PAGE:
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Increases in efficiency and renewable energy, along with stable demand, raise questions about whether a 345,000-volt power line really is needed between La Crosse and Madison, experts said Wednesday evening.

Local residents concerned the line could result in 150-foot transmission towers striding through the Baraboo Bluffs have means to fight the proposal before Wisconsin utility regulators.

Energy efficiency expert Mark Hanson and Charlie Higley, executive director of the Citizens Utility Board, met with the Baraboo Bluffs Preservation Association at an event organized to provide a critical view of the proposed Badger Coulee Transmission Line Project. The line is a project of the American Transmission Co., a firm that specializes in building and operating major power transmission lines.

Hanson said one reason given for the new line is to bring wind power from states to the west into Wisconsin. However, he said the state already has a variety of power sources, including its own growing use of solar, wind and other renewables, to rely upon.

Sales of electricity in Wisconsin peaked at 70.3 million megawatt hours in 2005, dropped after the recession of 2008 and stood at 66.2 million megawatt hours in 2009, he said.

Madison is a growing city, but its peak demand on the hottest days of the summer has risen only from 742 megawatt-hours in 2006 to 753 megawatt-hours in 2011.

"If grid-based electricity isn't growing, it suggests we don't need additional transmission lines," Hanson said. "(Except) there might be new pockets or areas of demand.

"Is it possible for Wisconsin to grow while remaining at 66.2 million megawatt hours?" Hanson asked. "My answer is yes."

The tools to achieve that include efficiency, expansion of renewable energy (particularly at the places it is used) and managing power demand through the day to prevent demand from peaking at levels higher than the transmission system can handle.

Hanson said he works for a firm whose only business is putting up energy-efficient buildings, using features such as solar cells or geothermal heating. Other businesses are replacing conventional fluorescent lights with more advanced LED lights that use only 15 watts each.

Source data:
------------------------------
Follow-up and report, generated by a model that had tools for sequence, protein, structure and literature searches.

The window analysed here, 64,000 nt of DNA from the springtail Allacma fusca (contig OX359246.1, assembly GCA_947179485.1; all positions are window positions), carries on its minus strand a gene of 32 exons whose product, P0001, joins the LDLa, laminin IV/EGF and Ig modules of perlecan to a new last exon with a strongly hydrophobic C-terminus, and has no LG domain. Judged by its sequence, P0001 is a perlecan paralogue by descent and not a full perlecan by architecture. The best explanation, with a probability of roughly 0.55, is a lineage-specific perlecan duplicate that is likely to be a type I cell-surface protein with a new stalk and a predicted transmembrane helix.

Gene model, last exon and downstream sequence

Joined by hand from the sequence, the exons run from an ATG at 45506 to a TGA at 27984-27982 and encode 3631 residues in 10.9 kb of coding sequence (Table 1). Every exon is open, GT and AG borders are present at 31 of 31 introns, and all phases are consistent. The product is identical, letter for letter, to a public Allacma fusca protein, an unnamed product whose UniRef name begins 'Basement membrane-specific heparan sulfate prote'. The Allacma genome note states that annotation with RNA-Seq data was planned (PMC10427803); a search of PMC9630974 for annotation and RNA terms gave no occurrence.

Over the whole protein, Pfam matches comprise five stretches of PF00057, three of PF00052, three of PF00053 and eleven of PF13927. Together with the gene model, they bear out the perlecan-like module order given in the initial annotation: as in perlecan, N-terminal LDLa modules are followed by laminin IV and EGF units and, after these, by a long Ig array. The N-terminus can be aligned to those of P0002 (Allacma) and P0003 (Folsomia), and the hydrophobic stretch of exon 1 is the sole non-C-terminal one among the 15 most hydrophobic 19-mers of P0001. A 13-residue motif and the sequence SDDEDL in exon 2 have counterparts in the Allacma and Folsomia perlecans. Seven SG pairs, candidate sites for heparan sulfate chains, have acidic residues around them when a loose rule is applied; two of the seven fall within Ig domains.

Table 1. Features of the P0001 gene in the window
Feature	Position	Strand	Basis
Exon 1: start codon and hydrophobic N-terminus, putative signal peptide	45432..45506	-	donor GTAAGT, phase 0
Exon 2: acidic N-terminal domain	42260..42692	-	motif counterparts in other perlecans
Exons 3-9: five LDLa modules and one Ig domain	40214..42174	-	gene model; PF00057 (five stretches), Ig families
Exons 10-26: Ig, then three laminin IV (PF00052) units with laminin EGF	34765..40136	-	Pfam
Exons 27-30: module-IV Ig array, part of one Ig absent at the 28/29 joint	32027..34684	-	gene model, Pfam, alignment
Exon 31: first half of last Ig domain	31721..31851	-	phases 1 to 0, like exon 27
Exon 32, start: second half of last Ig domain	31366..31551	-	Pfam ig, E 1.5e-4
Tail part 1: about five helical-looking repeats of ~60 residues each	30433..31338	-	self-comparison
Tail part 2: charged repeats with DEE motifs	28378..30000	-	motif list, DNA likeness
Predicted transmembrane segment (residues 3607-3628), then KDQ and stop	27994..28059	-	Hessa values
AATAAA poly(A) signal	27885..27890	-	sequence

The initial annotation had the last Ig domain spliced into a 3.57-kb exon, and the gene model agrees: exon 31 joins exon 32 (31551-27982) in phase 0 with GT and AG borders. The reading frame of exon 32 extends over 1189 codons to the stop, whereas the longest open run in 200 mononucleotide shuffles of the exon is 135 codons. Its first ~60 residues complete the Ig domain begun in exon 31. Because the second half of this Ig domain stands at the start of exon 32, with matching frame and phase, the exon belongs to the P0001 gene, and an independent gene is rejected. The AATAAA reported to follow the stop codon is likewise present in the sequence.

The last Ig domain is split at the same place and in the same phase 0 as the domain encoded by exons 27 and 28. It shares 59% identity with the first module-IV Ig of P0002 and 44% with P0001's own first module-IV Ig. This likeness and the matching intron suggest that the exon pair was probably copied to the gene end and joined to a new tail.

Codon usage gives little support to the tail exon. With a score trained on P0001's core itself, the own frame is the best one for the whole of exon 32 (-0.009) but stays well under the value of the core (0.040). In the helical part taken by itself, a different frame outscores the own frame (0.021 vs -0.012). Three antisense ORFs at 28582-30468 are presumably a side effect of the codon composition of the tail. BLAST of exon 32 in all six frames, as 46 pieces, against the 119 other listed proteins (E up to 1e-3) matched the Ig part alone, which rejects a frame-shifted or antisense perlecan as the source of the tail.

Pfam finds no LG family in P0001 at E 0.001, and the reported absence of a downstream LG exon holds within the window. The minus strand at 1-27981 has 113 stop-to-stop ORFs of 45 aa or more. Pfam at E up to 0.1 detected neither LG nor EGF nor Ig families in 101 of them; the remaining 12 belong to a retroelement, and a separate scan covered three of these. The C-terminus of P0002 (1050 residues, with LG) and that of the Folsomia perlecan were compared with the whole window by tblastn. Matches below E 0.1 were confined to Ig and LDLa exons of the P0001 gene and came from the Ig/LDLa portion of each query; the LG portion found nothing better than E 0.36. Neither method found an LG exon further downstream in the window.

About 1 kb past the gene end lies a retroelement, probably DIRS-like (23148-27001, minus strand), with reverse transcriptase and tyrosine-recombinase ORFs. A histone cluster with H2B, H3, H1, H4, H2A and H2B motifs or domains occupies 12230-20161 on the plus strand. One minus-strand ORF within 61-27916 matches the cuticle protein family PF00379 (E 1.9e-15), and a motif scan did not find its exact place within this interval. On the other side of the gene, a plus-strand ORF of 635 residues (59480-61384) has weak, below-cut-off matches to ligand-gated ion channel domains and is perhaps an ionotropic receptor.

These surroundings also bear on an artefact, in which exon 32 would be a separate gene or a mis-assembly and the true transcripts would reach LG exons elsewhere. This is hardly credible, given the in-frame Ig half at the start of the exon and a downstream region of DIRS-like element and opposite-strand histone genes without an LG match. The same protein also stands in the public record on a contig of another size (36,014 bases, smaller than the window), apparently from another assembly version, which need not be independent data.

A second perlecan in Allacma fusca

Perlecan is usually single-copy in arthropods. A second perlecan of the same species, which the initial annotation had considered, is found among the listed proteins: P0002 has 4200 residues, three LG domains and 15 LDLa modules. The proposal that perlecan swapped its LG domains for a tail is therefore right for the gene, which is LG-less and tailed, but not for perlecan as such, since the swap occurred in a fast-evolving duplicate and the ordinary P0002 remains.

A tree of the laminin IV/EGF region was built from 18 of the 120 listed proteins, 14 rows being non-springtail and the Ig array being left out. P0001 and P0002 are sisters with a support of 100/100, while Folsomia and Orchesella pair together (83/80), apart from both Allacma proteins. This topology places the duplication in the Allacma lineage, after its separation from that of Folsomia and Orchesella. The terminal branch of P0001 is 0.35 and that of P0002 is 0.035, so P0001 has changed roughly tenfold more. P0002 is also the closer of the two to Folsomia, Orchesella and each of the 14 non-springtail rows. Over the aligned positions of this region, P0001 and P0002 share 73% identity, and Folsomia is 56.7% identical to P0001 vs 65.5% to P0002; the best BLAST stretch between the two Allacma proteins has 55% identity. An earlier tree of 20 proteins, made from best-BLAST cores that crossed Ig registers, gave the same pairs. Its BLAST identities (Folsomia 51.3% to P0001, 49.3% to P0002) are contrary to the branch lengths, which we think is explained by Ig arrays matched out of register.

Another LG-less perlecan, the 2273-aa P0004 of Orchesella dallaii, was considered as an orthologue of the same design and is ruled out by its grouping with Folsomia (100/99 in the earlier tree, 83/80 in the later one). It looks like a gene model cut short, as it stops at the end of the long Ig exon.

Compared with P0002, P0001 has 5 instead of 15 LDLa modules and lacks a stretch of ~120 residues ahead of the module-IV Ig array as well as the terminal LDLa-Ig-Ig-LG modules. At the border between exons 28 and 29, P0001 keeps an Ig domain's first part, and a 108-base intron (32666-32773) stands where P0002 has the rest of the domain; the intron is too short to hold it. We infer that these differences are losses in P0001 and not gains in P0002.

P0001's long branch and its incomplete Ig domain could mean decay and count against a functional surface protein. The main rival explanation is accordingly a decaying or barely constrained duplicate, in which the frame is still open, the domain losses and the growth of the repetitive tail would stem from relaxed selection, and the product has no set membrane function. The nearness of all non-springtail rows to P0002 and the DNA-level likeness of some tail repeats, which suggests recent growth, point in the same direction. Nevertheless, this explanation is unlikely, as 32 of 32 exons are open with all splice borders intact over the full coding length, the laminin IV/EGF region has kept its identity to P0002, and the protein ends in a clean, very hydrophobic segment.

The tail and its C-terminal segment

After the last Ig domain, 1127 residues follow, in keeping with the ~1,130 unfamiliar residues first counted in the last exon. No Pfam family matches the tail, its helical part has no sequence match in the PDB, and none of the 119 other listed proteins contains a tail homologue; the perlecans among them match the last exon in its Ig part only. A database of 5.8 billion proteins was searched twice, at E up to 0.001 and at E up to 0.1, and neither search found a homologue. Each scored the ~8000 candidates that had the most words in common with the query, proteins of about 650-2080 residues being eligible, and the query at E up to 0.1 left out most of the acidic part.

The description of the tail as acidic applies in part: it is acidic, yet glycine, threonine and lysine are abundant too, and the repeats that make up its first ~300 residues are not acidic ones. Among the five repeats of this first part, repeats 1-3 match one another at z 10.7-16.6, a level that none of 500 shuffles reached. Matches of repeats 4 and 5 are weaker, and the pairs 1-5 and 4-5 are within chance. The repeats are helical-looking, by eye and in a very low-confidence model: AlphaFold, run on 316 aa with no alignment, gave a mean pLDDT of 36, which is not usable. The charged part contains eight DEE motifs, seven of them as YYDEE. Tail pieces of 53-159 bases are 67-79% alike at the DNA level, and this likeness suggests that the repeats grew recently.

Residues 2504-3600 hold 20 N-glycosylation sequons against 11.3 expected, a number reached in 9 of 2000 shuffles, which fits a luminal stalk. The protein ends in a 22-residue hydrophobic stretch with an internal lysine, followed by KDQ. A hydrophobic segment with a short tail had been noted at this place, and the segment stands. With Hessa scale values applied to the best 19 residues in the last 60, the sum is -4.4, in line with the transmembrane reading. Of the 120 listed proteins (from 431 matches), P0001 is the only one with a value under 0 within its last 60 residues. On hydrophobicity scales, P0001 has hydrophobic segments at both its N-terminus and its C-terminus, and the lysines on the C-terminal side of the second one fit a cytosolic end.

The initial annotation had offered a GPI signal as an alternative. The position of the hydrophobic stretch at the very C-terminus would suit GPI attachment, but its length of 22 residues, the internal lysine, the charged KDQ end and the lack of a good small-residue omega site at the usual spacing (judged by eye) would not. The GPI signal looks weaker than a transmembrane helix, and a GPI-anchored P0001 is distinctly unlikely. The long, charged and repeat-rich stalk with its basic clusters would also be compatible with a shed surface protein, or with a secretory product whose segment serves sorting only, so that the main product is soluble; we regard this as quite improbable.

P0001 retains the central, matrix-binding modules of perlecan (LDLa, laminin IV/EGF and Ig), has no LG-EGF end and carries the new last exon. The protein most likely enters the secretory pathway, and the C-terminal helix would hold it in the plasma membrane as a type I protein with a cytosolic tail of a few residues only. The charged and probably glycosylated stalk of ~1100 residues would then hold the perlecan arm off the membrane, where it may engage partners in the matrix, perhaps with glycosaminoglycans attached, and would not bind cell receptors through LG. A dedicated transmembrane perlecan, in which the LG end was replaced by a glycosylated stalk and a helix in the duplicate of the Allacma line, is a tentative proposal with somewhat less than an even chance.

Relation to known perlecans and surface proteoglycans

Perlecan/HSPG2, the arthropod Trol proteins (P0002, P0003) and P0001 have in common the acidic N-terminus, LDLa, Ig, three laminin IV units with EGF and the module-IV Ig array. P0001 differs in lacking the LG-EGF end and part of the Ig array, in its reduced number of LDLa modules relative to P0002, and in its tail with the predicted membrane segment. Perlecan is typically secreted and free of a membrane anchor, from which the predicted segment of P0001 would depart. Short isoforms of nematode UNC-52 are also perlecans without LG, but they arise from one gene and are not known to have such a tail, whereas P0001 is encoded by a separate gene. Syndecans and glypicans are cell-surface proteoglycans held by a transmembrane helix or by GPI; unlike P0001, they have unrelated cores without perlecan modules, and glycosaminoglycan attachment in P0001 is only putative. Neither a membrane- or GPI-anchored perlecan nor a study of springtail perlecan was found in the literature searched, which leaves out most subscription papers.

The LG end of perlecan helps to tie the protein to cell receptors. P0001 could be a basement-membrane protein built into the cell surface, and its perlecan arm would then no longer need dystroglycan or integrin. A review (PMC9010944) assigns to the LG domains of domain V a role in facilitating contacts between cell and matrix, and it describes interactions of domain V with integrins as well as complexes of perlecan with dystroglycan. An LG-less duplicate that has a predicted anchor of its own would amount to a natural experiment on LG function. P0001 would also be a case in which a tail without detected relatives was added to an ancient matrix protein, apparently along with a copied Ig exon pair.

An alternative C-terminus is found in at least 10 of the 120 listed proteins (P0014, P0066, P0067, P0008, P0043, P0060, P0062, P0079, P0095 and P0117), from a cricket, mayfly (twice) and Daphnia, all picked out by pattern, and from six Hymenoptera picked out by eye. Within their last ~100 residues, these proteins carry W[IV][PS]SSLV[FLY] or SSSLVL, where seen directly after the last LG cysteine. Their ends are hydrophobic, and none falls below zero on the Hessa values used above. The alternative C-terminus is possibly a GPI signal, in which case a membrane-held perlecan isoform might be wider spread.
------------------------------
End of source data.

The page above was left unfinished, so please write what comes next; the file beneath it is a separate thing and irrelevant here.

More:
The new office of the Madison software firm Epic has its own banks of solar power cells, he said.

Hanson asked that if Wisconsin's power demand already is stable and options for energy efficiency or local renewable energy are just now being implemented, is there really any reason for a new Badger Coulee Line?

Higley told the audience ATC must win approval for Badger Coulee and the route it will take from the Wisconsin Public Service Commission.

It must prove to the commissioners the project:

• Satisfies reasonable needs of the public for an electricity supply.

• Follows a route designed in the public interest, taking into account alternative sources of supply and avoiding needless hardships or environmental concerns.

• It must follow existing rights of way as much as possible.

Groups such as the Citizens Utility Board and members of the public may win recognition from the PSC as parties with standing to comment on the Badger Coulee Line proposal and participate in the decision-making process, Higley said. They even may win grants from the PSC to pay for assistance and experts to present their concerns during the process.

Baraboo-area residents who have filed comments on the proposal with ATC during its recent area open houses also should file comments with the PSC, Higley said. However, they cannot begin submitting comments to the commission until ATC formally files its request to for a permit to build Badger Coulee, a move expected to take place in January 2013, he said.

The Baraboo Range Preservation Association may be found online at http://www.baraboorange.org. Also, Higley invited questions at the CUB's office in Madison: (608) 251-3322.